(560af) Ionic Liquid-Mediated Rapid Catalytic Conversion of Lignocellulosic Grass to Biofuel Precursors in Microwave Reactors | AIChE

(560af) Ionic Liquid-Mediated Rapid Catalytic Conversion of Lignocellulosic Grass to Biofuel Precursors in Microwave Reactors


Roy, S. - Presenter, Indian Institute of Technology Kharagpur
Chakraborty, S., Indian Institute of Technology Kharagpur
The Biofuel Policy of India (2018) recommends the use of non-edible lignocelluloses for producing second generation bioethanol to meet the country’s blending targets for petrol set by the Paris Climate Accord (2011), and solve the connected problems of climate change and India’s dependence on foreign oil. Lignocelluloses are composed of three different polymers – cellulose, hemicelluloses, and lignin – bonded to each other by hydrogen and covalent bonds that make the lignocellulose structure recalcitrant. Switchgrass, Napier grass, Miscanthus, etc., are among the non-food lignocelluloses commonly used for producing 2G ethanol through the process of pretreatment (that breaks the inter-polymeric bonds), hydrolysis (that ruptures the β,1-4 glycosidic bonds linking the monomeric units in cellulose and hemicelluloses), and microbial fermentation (that converts the monomers to bioethanol).

This study uses a tall, thin, locally available, cellulose-rich grass – which qualifies neither as a food source nor as cattle-feed – as feedstock for biofuel production. The June grass used in this work is extremely rich in cellulose (82.3%), and has small amounts of hemicelluloses (1.3%), lignin (9.5%), ash (1.9%) and, moisture (4.5%), with an overall crystallinity index of 48%. We use a microwave reactor that provides an ionic liquid-mediated one-pot synthesis system for converting lignocelluloses to biofuel precursors [1]. The raw untreated grass is converted to biofuel precursors such as glucose, fructose, 5-Hydroxymethylfurfural (HMF), Levulinic acid (LA) and, Formic acid (FA), in only 36 minutes, when catalyzed by copper chloride in a BmimCl (ionic liquid) medium at temperatures ranging from 120-200ºC. When both the reactor temperature and the water concentration are used as reactor-scale parameters to control the product distribution, the maximum product yields are obtained as 88%, 25%, 18% and, 7%, for glucose, HMF, LA and FA, respectively.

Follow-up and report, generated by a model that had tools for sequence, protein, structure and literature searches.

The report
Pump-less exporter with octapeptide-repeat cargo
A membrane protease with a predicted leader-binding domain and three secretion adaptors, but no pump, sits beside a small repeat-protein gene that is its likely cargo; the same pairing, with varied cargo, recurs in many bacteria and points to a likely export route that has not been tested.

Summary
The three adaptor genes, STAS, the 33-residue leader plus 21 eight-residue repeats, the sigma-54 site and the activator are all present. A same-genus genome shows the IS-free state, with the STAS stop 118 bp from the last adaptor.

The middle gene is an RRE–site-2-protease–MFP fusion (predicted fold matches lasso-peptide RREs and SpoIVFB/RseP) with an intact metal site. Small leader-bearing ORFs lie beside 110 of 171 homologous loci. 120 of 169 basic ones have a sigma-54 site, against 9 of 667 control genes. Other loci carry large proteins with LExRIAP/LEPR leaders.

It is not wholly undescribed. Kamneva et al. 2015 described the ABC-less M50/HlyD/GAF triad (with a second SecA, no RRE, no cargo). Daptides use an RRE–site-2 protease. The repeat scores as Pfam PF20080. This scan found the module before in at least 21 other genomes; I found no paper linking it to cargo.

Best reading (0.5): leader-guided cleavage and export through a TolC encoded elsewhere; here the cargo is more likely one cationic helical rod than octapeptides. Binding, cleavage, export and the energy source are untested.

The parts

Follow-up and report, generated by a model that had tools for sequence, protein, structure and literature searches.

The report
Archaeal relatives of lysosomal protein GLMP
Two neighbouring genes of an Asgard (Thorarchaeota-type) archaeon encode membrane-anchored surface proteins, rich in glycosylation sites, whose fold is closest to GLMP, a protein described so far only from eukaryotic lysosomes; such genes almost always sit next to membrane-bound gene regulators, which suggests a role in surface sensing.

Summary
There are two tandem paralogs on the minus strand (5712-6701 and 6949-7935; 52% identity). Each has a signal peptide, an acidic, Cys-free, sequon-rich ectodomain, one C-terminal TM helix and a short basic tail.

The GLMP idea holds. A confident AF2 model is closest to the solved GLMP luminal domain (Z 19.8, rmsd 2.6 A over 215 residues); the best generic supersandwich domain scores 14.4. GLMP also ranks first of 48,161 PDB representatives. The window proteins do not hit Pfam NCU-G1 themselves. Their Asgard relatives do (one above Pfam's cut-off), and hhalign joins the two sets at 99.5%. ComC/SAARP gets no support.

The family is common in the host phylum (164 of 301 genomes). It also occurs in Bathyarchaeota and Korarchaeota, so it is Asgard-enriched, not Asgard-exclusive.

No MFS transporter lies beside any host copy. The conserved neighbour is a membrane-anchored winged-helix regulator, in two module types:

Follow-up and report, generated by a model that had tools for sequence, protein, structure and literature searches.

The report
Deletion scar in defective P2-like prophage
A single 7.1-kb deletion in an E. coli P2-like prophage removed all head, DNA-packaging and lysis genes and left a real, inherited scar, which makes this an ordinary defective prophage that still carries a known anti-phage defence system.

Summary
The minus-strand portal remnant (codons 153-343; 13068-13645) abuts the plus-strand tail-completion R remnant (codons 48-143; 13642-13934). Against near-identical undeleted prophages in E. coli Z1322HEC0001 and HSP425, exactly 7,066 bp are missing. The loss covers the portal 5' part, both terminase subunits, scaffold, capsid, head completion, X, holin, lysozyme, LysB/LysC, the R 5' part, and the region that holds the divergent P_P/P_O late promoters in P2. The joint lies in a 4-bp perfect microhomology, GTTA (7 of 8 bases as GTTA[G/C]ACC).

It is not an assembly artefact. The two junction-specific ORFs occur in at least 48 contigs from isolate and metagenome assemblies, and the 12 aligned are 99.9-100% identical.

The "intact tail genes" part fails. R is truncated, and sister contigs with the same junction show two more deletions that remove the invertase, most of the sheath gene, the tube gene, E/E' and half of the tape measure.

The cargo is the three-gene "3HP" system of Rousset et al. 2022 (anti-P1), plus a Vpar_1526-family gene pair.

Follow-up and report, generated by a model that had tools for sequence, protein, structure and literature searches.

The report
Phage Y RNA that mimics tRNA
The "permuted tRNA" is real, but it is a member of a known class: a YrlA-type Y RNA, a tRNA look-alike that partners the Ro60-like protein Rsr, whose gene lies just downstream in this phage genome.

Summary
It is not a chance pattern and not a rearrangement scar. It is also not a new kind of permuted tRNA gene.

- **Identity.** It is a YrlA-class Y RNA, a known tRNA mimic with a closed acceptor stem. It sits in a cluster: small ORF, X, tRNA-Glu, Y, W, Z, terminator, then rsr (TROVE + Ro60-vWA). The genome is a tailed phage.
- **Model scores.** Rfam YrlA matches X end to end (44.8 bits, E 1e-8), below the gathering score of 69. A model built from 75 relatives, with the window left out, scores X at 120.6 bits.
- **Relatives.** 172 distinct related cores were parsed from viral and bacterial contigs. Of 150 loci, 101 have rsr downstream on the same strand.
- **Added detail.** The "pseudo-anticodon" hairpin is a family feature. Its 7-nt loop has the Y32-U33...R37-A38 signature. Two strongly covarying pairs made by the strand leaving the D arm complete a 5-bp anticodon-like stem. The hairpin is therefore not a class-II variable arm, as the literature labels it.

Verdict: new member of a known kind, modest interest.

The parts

The aprotic ionic liquid (BmimCl) rapidly ionizes to form a Lewis acid catalyst with copper chloride and water, and creates a supramolecular complex with cellulose. This polar supramolecule aligns itself along the microwave’s rapidly alternating electromagnetic field, resulting in frequent dipole rotations that lead to molecular collisions, and dissipation of electromagnetic energy as friction and heat. This increases the reaction temperature and accelerates the reaction rate, thus rapidly rupturing the glycosidic bonds in the cellulose to produce glucose monomers that are further converted to HMF, LA and FA [1].

Reference: [1] Paul, S. K., Chakraborty, S. (2018). Microwave-assisted ionic liquid-mediated rapid catalytic conversion of non-edible lignocellulosic Sunn hemp fibers to biofuels. Bioresource Technology, 253, 85-93.